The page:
A YOUNG LAWYER asks Jesus what he must do “to inherit eternal life.” To which Jesus gives a simple answer: Love God and love your neighbor. There you have it, says Jesus. But the inquisitor asks Jesus a follow-up question: “And who is my neighbor?” (Luke 10:25–37). It’s clear from the context that this lawyer was seeking to diminish or limit the scope of who counted as his neighbor. The tone isn’t one of expanding the reach of loving his neighbor but of restricting it. Jesus answers with the exemplary story of the Good Samaritan in a way that upends expectations and gets to the heart of the question. The lesson of Jesus’ parable is much deeper than the traditional understanding of the Good Samaritan—that Jesus is simply commending the act of reaching out to another in need, as the Samaritan does, as opposed to the priest and Levite in Jesus’ story who famously passed by the man because they were too busy or preoccupied or afraid of being late to an important religious meeting.
But what Jesus is trying to teach us here goes much deeper than simple compassion and service to the needy. The Samaritans were not “good,” as far as the Judeans of Jesus’ day were concerned. They were a despised mixed race, considered half-breeds and foreigners by the Jews. They usually provoked disgust, not admiration. But Jesus chooses the hated “other” as his example of who our neighbor is. Jesus then describes the Samaritan taking actions that show us what it means to be a neighbor as the Samaritan reaches out to someone who was an “other” to him with practical assistance, self-sacrifice, and risk on the dangerous highway of the Jericho Road.
Martin Luther King Jr., in the final sermon of his life, the day before he was assassinated, talked about the dangers of the Jericho Road: “It’s a winding, meandering road. It’s really conducive for ambushing,” King said. “And so the first question that ... the Levite asked was, ‘If I stop to help this man, what will happen to me?’ But then the Good Samaritan came by and he reversed the question: ‘If I do not stop to help this man, what will happen to him?’”
Jesus’ parable of the Good Samaritan was meant not just to call people to service and self-sacrifice, but also to disrupt and challenge their concept of who their neighbors were and were not. It was a direct attack on tribalism, both that of his fellow Jews and of all of us, and a proclamation that those who choose to join Jesus’ tribe would be known for reaching out to and standing with all the other tribes. According to Jesus, the test of who your neighbor is will be shown by how you treat someone who is different from you. I believe that when Jesus’ lesson becomes the measure of who our neighbors are and how we treat them, this story can change cultures and even politics.
Getting outside our path
Theologian Gustavo Gutiérrez put it this way: “Who is my neighbor? The neighbor was the Samaritan who approached the wounded man and made him his neighbor. The neighbor ... is not he whom I find in my path, but rather he in whose path I place myself, he whom I approach and actively seek.”
Who is in our daily path and who is not? That is part of the problem—we are limited in loving our neighbor by our narrow pathways of the “neighbors” around us, our people, those we consider “us.” Jesus is saying we have to go outside the boundaries of our normal path to find the people who are the ultimate test of the question “who is my neighbor?” The neighbor we need most to reach out to will only be found if we actively seek them out, by deliberately placing ourselves in different pathways than those that are normal to us and our people. The clear call of Jesus to love the neighbors outside our path is seriously challenged and regularly compromised by our racial geography—a geography that is not put in place by accident, but by public policy and deliberate strategy, and which prevents people from finding their “neighbors.”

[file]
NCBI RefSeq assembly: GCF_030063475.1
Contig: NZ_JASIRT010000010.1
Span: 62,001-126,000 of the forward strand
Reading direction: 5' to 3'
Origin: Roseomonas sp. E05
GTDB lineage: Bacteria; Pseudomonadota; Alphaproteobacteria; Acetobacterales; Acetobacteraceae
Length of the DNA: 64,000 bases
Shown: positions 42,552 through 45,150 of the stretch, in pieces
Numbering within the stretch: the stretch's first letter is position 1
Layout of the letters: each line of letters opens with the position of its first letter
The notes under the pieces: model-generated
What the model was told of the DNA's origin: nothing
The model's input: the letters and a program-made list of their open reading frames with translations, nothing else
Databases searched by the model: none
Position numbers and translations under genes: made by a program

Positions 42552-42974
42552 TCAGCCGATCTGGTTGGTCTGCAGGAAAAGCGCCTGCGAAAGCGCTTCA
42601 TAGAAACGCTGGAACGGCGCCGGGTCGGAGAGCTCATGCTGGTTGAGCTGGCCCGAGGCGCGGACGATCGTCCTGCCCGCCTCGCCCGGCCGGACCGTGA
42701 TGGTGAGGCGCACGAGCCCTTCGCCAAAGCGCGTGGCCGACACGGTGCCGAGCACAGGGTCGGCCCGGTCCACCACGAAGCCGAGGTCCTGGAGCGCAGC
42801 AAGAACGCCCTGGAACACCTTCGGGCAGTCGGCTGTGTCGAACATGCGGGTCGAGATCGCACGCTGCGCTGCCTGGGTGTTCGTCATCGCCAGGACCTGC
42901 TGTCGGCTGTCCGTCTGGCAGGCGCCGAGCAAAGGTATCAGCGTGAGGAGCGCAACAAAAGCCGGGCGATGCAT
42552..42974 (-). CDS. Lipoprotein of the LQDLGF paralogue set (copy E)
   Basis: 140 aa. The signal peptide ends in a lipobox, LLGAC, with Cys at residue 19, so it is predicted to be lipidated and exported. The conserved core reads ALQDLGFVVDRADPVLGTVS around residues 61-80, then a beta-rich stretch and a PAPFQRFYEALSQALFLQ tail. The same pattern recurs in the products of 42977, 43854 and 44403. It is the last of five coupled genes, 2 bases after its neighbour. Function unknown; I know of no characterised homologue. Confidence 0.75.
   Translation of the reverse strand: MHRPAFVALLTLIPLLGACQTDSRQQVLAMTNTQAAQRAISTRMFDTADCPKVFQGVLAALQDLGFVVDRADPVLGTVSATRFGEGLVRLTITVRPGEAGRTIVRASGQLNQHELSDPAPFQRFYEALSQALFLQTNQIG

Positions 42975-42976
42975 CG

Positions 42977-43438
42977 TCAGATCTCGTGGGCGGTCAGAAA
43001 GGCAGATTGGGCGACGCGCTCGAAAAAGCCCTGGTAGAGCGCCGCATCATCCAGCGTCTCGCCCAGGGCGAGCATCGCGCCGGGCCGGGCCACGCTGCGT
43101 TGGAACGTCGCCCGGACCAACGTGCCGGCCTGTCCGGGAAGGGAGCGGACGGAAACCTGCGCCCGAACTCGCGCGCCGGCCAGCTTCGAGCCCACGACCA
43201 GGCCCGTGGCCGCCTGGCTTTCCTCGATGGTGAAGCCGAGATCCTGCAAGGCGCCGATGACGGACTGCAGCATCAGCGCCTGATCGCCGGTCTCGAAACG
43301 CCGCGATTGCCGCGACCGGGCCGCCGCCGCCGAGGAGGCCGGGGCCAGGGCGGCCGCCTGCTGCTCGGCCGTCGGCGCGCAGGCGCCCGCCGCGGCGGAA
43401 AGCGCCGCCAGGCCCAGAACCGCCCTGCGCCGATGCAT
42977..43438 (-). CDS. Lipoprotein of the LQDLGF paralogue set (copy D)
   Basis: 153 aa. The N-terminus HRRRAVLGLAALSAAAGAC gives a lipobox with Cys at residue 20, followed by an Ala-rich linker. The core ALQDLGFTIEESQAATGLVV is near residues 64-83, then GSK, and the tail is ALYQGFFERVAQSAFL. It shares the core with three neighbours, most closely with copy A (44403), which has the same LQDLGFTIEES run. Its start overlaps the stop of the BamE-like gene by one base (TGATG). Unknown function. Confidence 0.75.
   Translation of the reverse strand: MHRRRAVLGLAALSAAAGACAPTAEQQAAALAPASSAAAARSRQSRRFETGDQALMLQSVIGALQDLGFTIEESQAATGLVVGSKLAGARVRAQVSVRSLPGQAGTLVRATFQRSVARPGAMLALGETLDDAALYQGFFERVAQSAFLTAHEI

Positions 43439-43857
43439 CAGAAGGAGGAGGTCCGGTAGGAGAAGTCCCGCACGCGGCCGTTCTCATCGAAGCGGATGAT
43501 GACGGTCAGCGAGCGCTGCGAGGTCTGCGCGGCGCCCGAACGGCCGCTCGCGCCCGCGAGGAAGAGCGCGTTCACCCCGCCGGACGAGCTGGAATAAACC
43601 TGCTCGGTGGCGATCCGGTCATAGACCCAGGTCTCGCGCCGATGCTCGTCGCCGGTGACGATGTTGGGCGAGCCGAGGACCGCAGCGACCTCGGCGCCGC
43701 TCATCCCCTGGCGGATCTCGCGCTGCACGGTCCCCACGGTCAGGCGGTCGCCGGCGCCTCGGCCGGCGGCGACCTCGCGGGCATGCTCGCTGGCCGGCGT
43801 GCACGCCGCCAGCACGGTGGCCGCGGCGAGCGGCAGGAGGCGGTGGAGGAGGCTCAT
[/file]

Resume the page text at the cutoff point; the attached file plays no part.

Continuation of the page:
Given the residential, economic, racial, and religious segregation that defines where most of our lives tread, we can’t really do what Jesus says until we disrupt our normal pathways by moving outside of them. We need to ask ourselves whether we are willing to transgress those boundaries—the ones that make it impossible to follow Jesus’ answer to the question “who is my neighbor?”
Let me give you a personal example. My father, Jim Wallis Sr., was an officer in World War II, sent out to the Pacific after graduating from college, getting married, and being commissioned as an officer in the Navy on one very busy day. After the war, most returning veterans, like my dad, came home to an enormous opportunity. Our young family, like many others, received two huge things: the GI Bill for education and an FHA loan for a house. When you get a free education and the chance to afford your first home, you immediately become middle class—and that’s what our government did for us. We moved onto a nice street called River Park in a lovely neighborhood in the Detroit area called Redford Township, with almost every home a three-bedroom ranch house headed by a World War II veteran. My siblings and I were able to walk easily and safely to the wonderful nearby elementary school.
Everyone in our neighborhood, school, and nearby church looked just like us. Black World War II veterans, like the black sailors aboard my dad’s destroyer, almost never got the GI Bill or an FHA loan. Jim Crow laws prevented that in the South, and segregated education and banking policies did so in the North. No Detroit banks would lend money to black families for a new home, and the schools their kids went to, not surprisingly, were not nearly as good as our school. But we never thought about it or talked about it. In the white community, no one did. We were all on the same path.
As a teenager, I started to ask some questions about all that, about why people seemed to live very differently and separately in white and black Detroit. The hard questions weren’t welcome and were never honestly answered in my all-white world. If I really wanted to find the answers, I realized, I would need to step outside of the boundaries of my path and ask the same questions elsewhere.